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Quaker Summer

3.73 of 5 stars 3.73  ·  rating details  ·  825 ratings  ·  137 reviews

Sometimes you have to go a little bit crazy to discover the life you were meant to live.

Heather Curridge is coming unhinged. And people are starting to notice. What's wrong with a woman who has everything--a mansion on a lake, a loving son, a heart-surgeon husband--yet still feels miserable inside?

When Heather spends the summer with two ancient Quaker sisters and a crusty

Paperback, 336 pages
Published February 6th 2007 by Thomas Nelson (first published 2007)
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Community Reviews

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This book was voted novel of the year by Women of Faith. The message of the book it great, especially since we live in such a materialistic society where people believe that the objects that they own are what define them as a person. This novel opens both your heart and mind as to how it really should be. Although I didn't find the writing to be great (definitely not to be categorized as novel of the year), the message was. Overall, it was a good read.
Valerie (Val's Vicinity)
Heather Curridge has it all: A great family, ritzy lake-front house, possessions aplenty, and enough money to buy more "things" whenever she wants. Her husband is a surgeon, her son goes to a private school. This is the perfect life, what many people aspire to have but never achieve. Heather loves her stuff, she knows she is fortunate...but then why is she feeling so discontent? Shouldn't she be content with her pampered life? And why have the sins of her childhood started to haunt her?

Many peop
I give this book 3.75 stars, although I can't bring myself to round up to the four-star rating. First of all, 401 pages was WAY too long. The story could have effectively been told in 300. Secondly, I think part of my let-down is because it was one of Publishers Weekly's Top Books of 2007 and the Women of Faith Novel of the Year that same year, so I totally expected it to be phenomenal. While I enjoyed the ending immensely, the rest went in spurts ranging from sweet to dragging.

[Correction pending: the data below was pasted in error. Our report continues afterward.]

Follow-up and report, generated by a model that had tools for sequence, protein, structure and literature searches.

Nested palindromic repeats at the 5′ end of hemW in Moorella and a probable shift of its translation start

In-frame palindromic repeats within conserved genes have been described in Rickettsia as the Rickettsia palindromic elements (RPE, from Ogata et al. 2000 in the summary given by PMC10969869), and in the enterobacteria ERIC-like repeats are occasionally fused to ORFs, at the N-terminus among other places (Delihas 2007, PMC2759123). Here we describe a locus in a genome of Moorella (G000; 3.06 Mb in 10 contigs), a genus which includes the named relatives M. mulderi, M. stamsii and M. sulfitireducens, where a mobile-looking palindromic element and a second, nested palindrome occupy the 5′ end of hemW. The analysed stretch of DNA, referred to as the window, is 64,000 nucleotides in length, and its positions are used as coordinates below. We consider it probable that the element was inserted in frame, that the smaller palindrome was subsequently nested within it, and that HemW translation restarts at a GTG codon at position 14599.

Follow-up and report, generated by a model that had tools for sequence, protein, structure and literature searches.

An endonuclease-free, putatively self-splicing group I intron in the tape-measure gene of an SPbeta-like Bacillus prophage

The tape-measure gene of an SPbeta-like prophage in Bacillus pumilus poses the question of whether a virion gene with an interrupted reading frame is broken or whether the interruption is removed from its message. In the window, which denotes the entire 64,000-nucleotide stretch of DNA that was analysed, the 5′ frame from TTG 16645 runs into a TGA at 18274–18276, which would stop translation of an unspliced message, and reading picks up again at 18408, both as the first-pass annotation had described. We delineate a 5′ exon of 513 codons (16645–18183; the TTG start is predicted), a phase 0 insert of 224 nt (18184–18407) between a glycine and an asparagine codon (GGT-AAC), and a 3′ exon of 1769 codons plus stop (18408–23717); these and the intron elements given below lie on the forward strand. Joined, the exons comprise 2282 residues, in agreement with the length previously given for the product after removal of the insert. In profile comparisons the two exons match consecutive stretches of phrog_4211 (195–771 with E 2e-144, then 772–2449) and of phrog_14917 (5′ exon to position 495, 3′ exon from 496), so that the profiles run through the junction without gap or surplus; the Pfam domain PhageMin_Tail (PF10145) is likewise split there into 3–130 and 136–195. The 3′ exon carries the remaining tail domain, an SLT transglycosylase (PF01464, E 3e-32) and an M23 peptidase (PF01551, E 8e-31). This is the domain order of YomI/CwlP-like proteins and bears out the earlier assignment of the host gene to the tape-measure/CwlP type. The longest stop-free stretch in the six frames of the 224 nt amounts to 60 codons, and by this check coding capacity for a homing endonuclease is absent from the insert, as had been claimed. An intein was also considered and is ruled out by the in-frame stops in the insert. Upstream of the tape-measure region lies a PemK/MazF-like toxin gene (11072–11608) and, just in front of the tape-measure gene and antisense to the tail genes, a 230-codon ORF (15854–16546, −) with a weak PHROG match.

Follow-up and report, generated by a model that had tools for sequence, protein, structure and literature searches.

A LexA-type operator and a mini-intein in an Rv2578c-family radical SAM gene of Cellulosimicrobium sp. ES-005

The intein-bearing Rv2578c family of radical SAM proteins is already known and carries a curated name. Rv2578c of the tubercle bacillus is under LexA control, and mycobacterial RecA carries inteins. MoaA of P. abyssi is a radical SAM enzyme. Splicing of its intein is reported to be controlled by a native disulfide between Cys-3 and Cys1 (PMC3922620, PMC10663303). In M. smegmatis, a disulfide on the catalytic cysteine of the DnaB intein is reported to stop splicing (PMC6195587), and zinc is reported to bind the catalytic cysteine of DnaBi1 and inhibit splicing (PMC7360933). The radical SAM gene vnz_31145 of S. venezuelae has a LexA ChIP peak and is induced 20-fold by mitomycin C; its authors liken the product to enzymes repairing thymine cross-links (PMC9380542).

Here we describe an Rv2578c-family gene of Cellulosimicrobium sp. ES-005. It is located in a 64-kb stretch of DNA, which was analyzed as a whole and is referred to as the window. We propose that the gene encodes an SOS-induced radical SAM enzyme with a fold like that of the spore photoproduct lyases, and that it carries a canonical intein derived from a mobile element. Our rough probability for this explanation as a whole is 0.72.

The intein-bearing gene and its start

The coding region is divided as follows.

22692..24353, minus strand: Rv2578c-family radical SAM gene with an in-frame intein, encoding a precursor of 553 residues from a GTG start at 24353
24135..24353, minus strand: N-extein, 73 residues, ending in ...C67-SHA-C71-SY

Overall, it was
What I liked:
I liked the overall concept of the plot and main character (Heather). Heather is a wife to a cardiac surgeon. They have a son and she is a stay at home mom. They have plenty of money, which is mostly spent on crap they don't need. She spends money to buy STUFF as a way to fill a void she seems to have in life. After a lifetime of trying to fill that void, she realizes she cant do it with material possessions or social status.

What I disliked:
The constant conversations she had with ev
Wow, I can see why this book was Christianity Today's 2008 Novel of the Year. This book took me a while to get through, but not because of the content, but other things going on (relative in hospital, company at our house, etc). I think I would have flown through this book if I had my "normal" time to read.

It is taking me a while to digest this book. I don't think I can give it a review that will do it justice. I enjoyed it. I found it choppy in writing style, but riveting. I found it challengin
Heather has everything, and she's not happy. She knows she should be happy -- she compulsively buys name brand everything, she's got a great family, lives in a a great neighborhood -- but she isn't.

For most of the book I thought Heather needed to get over herself and go do something useful. She eventually came to that conclusion herself. What I did enjoy was her and her supporting characters' description of how God does not work in the ways we expect, and sometimes when we are most troubled that
"Well, you'll find if you open yourself up to the possibility that God is found in locales you've never imagined, you'll meet Him in all sorts of faces and places you never thought possible." (p. 153)